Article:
Fruit inspection involves cases were the wolf in sheep’s clothing has violated clear commands of God: adultery, lying, unwillingness to forgive. These are things which are not based on our own opinions, these are things which are not based on our own reasonings, these are things which are revealed in holy Scripture as being works of the flesh. God himself tells us that those who practice such things will not inherit the kingdom of God. If God says that adultery is a work of the flesh — then if you find out someone is practicing adultery, and yet they pretend to be a christian — you know, there’s a wolf in sheep’s clothing.
Cunningness is not a violation of a clear command that God has given. Cunningness is a violation of your own personal preferences. “I don’t like that look on his face.” “I really don’t like that tone of voice that she gave me.” There is nothing in Scripture, or in the teachings of the fathers, which tells us that it is direct violation of God’s commands for you to make a particular look with your face, or to use a particular tone of voice, or to buy a piece of land or to sell a piece of land, or to stand and talk for a while, or to hurry and run off because you have an appointment. In these cases, the cunning person is not getting upset because a clear law of God has been violated. The cunning person gets upset because his own preference has been violated.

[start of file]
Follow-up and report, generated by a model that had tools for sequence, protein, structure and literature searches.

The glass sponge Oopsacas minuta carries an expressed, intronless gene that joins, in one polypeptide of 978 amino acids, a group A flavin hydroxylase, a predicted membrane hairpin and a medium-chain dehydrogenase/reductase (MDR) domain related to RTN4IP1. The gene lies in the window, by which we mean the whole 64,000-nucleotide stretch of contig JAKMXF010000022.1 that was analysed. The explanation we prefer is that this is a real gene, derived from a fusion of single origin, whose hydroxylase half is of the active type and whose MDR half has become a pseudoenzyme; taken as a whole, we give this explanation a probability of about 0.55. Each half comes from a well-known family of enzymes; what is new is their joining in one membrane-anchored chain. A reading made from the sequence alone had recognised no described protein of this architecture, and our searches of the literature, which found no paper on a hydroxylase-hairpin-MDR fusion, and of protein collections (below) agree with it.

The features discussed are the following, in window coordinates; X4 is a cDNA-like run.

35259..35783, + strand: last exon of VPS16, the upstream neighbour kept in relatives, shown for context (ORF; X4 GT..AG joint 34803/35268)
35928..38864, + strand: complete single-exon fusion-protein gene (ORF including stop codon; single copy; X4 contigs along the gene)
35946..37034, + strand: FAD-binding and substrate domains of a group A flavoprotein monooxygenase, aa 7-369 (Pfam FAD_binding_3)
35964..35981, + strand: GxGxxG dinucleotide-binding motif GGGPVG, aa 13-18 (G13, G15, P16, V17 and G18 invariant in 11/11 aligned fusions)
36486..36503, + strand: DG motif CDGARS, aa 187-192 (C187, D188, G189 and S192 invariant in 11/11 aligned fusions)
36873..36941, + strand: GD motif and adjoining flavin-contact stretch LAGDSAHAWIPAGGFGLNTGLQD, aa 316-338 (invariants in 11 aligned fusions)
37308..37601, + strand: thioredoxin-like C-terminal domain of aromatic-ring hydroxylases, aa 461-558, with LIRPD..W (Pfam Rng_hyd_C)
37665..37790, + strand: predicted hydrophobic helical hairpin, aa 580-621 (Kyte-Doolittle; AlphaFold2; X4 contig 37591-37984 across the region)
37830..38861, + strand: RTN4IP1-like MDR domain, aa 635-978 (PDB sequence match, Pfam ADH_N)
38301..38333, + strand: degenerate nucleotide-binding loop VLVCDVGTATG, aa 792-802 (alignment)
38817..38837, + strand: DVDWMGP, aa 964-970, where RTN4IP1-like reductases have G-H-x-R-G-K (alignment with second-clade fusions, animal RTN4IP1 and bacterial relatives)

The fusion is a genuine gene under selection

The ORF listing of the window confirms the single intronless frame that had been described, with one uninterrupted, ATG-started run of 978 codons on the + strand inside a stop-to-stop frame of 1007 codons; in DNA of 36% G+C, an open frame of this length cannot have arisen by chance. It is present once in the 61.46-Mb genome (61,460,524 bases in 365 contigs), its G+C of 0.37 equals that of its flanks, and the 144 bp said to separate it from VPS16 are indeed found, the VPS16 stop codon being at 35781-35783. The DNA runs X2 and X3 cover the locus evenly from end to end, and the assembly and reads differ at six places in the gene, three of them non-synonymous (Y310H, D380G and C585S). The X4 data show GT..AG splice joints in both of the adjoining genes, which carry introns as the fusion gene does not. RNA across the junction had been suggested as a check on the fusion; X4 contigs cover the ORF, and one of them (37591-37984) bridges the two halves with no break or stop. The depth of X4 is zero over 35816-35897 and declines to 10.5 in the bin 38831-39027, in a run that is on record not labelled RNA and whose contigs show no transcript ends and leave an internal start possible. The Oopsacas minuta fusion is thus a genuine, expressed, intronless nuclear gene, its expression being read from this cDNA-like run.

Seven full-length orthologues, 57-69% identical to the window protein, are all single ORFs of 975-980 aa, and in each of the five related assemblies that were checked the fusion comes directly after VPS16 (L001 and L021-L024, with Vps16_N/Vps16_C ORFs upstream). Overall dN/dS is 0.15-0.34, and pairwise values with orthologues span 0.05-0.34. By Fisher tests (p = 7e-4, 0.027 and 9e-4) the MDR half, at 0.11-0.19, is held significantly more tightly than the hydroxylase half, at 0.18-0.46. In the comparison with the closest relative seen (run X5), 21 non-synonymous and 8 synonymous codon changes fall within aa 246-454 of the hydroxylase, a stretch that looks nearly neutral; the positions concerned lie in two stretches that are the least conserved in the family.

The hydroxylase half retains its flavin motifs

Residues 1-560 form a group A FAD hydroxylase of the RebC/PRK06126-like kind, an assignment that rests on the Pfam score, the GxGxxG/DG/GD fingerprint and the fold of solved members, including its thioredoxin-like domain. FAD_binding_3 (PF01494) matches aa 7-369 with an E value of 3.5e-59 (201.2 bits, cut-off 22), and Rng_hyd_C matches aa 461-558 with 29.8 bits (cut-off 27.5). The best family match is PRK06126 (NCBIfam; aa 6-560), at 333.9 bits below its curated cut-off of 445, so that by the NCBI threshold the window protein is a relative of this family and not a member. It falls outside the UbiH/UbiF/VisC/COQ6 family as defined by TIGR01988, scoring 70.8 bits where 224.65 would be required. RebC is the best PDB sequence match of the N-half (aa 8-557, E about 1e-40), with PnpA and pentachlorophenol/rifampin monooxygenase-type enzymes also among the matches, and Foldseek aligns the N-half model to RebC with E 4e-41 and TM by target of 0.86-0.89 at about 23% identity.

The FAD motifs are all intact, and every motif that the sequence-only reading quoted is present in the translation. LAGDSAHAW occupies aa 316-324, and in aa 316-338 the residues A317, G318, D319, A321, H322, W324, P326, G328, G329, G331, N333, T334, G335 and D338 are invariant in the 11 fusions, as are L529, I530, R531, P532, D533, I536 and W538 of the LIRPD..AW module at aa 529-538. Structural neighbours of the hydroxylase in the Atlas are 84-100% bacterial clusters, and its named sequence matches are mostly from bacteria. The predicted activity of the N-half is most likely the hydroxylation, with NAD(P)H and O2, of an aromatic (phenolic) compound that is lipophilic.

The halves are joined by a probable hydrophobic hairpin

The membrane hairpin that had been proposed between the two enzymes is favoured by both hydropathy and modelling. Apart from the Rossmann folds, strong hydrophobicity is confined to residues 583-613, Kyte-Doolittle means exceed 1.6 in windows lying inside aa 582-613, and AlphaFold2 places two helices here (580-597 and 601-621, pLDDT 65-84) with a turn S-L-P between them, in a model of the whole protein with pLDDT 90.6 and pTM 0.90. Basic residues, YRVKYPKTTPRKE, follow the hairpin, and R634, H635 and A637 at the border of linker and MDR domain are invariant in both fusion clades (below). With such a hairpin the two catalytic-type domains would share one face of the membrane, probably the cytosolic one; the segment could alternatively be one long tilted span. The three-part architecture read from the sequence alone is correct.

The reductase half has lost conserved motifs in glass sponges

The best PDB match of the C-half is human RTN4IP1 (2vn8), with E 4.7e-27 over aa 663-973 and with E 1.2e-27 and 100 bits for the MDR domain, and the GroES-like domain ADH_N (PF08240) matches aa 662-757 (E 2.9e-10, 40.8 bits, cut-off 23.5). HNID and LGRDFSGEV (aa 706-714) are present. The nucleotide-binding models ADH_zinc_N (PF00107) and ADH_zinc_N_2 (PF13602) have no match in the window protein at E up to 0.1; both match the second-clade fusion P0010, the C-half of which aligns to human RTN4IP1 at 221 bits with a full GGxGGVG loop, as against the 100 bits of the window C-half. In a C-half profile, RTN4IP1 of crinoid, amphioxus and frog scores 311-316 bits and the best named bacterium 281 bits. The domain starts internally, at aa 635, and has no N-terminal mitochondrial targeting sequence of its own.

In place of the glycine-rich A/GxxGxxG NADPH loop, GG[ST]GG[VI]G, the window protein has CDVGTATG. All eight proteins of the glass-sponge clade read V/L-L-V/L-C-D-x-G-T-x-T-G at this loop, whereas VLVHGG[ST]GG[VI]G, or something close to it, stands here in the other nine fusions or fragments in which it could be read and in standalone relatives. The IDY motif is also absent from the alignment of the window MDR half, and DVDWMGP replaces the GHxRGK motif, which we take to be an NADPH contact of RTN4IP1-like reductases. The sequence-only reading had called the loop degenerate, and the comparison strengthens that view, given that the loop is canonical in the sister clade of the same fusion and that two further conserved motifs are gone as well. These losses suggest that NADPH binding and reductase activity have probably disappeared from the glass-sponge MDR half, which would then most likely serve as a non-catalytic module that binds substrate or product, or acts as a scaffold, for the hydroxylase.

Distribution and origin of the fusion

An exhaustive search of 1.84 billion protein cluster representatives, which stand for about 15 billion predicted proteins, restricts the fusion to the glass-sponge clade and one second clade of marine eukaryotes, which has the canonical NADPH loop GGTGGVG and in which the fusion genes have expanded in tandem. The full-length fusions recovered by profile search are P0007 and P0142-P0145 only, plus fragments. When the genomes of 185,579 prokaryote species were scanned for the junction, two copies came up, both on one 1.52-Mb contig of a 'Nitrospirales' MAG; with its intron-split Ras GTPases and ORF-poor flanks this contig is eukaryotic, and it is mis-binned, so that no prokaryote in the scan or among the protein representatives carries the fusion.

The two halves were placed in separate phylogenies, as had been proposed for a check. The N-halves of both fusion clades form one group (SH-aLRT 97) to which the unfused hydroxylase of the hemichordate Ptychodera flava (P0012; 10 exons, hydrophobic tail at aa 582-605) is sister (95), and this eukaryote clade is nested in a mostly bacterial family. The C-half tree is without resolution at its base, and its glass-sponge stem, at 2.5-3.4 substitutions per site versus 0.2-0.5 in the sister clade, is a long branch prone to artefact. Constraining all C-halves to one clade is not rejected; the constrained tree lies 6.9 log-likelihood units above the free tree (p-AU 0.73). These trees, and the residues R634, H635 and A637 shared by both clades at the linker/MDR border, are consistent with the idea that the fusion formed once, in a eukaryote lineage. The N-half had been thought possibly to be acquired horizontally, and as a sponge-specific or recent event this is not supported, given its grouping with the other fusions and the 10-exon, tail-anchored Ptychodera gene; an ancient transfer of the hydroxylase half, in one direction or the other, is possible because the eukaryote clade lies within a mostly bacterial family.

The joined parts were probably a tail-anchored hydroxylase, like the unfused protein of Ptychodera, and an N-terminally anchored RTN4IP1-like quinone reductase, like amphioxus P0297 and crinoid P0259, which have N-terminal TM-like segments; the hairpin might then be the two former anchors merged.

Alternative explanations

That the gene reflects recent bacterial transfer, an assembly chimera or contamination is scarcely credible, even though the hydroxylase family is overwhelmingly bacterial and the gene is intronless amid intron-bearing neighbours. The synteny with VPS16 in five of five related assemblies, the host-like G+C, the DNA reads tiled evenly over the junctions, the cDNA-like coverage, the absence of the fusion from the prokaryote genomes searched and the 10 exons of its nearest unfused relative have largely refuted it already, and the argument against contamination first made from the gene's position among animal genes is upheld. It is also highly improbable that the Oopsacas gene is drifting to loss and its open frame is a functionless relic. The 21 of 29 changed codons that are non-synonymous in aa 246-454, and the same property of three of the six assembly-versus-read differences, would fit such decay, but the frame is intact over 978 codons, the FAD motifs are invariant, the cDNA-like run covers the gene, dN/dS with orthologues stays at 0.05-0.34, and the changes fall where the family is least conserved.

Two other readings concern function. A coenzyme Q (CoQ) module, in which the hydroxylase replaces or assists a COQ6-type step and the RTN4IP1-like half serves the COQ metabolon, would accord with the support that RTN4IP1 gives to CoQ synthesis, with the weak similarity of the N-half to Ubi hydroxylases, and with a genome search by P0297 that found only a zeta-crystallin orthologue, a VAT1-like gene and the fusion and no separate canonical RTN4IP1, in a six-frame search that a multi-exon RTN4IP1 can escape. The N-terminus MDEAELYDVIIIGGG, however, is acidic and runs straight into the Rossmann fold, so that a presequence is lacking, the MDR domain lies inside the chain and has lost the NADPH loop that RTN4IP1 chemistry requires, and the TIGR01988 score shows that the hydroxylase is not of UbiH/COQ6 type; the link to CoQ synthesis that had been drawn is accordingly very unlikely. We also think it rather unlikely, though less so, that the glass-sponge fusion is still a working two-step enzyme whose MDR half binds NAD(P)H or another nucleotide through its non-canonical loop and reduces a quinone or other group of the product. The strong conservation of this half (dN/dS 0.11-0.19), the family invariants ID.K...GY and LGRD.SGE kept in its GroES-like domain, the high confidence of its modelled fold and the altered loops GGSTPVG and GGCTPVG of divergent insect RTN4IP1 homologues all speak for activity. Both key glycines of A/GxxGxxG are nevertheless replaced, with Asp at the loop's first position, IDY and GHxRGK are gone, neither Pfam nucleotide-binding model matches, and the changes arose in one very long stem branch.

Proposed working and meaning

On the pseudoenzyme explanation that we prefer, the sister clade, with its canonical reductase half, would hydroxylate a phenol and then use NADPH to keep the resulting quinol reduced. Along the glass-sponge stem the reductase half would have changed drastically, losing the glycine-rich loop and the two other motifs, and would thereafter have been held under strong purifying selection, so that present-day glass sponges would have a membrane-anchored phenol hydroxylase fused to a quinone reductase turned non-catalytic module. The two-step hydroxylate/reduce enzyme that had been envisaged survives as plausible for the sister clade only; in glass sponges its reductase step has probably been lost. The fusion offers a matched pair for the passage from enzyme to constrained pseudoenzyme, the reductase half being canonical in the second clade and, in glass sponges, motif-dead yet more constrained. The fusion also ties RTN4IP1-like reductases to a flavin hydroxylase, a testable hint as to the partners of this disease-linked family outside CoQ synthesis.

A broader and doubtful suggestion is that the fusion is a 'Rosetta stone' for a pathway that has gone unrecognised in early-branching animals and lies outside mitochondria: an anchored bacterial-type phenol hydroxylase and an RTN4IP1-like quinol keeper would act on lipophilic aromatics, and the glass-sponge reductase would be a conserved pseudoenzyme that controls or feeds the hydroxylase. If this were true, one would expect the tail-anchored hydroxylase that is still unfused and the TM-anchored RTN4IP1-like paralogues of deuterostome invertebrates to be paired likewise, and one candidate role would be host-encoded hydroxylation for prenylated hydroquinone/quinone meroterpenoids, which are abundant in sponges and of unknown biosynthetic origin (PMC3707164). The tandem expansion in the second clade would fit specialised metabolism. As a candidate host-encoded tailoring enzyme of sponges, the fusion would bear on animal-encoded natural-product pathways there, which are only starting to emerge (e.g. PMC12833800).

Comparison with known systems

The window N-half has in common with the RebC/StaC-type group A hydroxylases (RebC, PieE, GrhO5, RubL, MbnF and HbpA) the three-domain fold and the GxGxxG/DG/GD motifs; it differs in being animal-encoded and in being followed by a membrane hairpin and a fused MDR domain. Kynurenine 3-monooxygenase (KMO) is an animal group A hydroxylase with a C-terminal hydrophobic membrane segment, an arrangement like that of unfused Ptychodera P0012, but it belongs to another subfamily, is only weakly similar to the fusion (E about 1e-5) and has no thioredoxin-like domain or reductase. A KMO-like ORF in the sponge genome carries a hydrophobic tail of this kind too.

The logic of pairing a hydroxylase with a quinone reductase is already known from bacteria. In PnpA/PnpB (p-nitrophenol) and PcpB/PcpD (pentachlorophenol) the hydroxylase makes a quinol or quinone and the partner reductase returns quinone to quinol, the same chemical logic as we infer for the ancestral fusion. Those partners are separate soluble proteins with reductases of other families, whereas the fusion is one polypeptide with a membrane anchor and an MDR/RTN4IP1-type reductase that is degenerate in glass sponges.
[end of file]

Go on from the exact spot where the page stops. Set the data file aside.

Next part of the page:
Sins Against Others vs. Sins Against You
When you are inspecting the fruit of the sheep, to find out whether they are sheep or not, it’s usually a case in which that person has sinned against God and their neighbor. It’s not necessarily a case were they have sinned against you yourself.
If I find out that somebody has committed adultery, in most cases that’s not going to be a situation that I was involved in personally. They certainly didn’t commit adultery with me or my wife. Maybe it was nobody in my family. I just find out that they have done this thing which God has commanded not to do.
But when a person is cunning they get angry, because,